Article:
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Bay Area Legal Aid is now looking for a new Director of Information Technology. If you know someone who might be interested please be sure to pass this along.

If you prefer it in pdf form the application can be found here.


Bay Area Legal Aid

Director of Information Technology – Central Support, Oakland


Bay Area Legal Aid (BayLegal) has an exciting leadership position for an experienced and enthusiastic professional to serve as its Director of Information Technology (DIT). Supported by an excellent Board and Leadership Team, BayLegal staff members provide critical legal services for the poorest and most vulnerable residents in seven Bay Area counties. The DIT will have an exceptional opportunity to help maintain, design, strategically grow, and direct BayLegal’s technology solutions to effectively support our team.

Position: This position is responsible for the design, implementation, and maintenance of BayLegal’s information technology systems and telecommunication systems for our seven-office law firm. Additionally, the DIT administers and serves as the primary point person for the support of BayLegal's client case management database system. The DIT will oversee desktop support personnel and ensure that trouble tickets submitted by staff receive timely responses. The DIT is also responsible for working closely with advocates and attorneys alike to determine and assess their needs.


• Develop, recommend, and implement short-term and long-range strategic technology architecture and initiatives

• Manage backup processes to ensure 24/7 operation of application servers and databases

• Manage virtualized server environment (presently under VMWARE)

• Assess and implement network and system design solutions in order to eliminate downtime for the organization

• Assess, and if appropriate, design and implement transition from local office-based server and storage solution to a managed, hosted, or co-located solution, including providing an analysis of existing points of failure, drafting the systems design, and implementing an upgrade plan

• Develop, recommend, and implement policy for the use of technology in the delivery of legal services through collaboration with other members of the leadership team

• Prepare, manage, and report on technology-focused grants, in consultation with Grants and Development Team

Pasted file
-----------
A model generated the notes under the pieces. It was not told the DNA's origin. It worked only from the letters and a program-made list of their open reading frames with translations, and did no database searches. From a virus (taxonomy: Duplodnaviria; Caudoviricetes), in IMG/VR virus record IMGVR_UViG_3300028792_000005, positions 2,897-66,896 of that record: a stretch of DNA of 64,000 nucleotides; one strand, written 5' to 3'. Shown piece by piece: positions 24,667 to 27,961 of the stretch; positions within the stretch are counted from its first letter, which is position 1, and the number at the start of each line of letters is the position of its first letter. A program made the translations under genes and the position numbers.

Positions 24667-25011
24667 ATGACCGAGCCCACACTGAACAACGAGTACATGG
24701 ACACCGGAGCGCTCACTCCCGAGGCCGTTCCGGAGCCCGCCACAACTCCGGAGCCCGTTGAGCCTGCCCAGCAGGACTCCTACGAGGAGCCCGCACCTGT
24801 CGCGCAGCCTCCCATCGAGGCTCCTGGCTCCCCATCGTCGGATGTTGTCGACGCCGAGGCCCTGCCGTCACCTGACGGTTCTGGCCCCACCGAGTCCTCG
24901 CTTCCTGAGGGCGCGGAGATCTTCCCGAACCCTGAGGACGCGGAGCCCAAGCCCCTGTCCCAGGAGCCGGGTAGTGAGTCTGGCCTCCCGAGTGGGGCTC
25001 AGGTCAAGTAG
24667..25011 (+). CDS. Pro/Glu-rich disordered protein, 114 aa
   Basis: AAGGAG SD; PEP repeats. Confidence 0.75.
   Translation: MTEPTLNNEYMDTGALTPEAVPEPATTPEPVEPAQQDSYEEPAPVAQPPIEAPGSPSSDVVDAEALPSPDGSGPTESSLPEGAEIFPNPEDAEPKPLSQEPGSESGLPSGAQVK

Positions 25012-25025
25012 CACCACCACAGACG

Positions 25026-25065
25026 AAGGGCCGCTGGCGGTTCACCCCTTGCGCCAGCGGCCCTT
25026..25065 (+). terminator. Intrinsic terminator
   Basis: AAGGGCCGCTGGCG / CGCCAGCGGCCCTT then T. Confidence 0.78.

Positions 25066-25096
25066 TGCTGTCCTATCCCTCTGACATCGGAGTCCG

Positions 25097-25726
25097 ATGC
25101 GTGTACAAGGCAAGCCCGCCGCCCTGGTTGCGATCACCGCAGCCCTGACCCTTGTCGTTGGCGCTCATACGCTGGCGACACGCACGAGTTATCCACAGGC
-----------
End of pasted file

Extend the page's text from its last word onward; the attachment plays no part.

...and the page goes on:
• Oversee maintenance of telecommunication network, IT infrastructure, and Internet connectivity

• Develop, recommend, and implement standards for equipment and software acquisition, installation, and use

• Develop and implement solutions for program-wide computer training

• Collaborate with Finance Team to develop, recommend, and administer annual budget for technology

• Negotiate, administer, and monitor contracts for equipment, software, services, training, and other technology-related matters

• Supervise the provision of local office desktop support and network administration in local offices

• Hire and manage technology professionals and/or consultants

• Communicate the technology vision of BayLegal to staff and other stakeholders



• Keep up-to-date on the trends and advances in the utilization of technology in the provision of legal services


About the Successful Candidate:

• Bachelor of Science or advanced degree in computer science

• At least five years of progressively increasing responsibilities including project management, managing technical support provider/outside support vendors and organizational planning for technology solutions

• Microsoft systems administration certifications

• Demonstrated expertise with Windows Server, Exchange and MSSQL, including demonstrated knowledge of Windows security

• Demonstrated experience in management of virtualized server environments

• Proficiency with Citrix XenApp server administration and VPN administration

• Knowledge of high availability, fault tolerance, and disaster recovery for database and application servers

• Knowledge, implementation, and maintenance of CRM programs

• Experience with MPLS networks

• Hands-on, results-oriented problem solver with excellent time management skills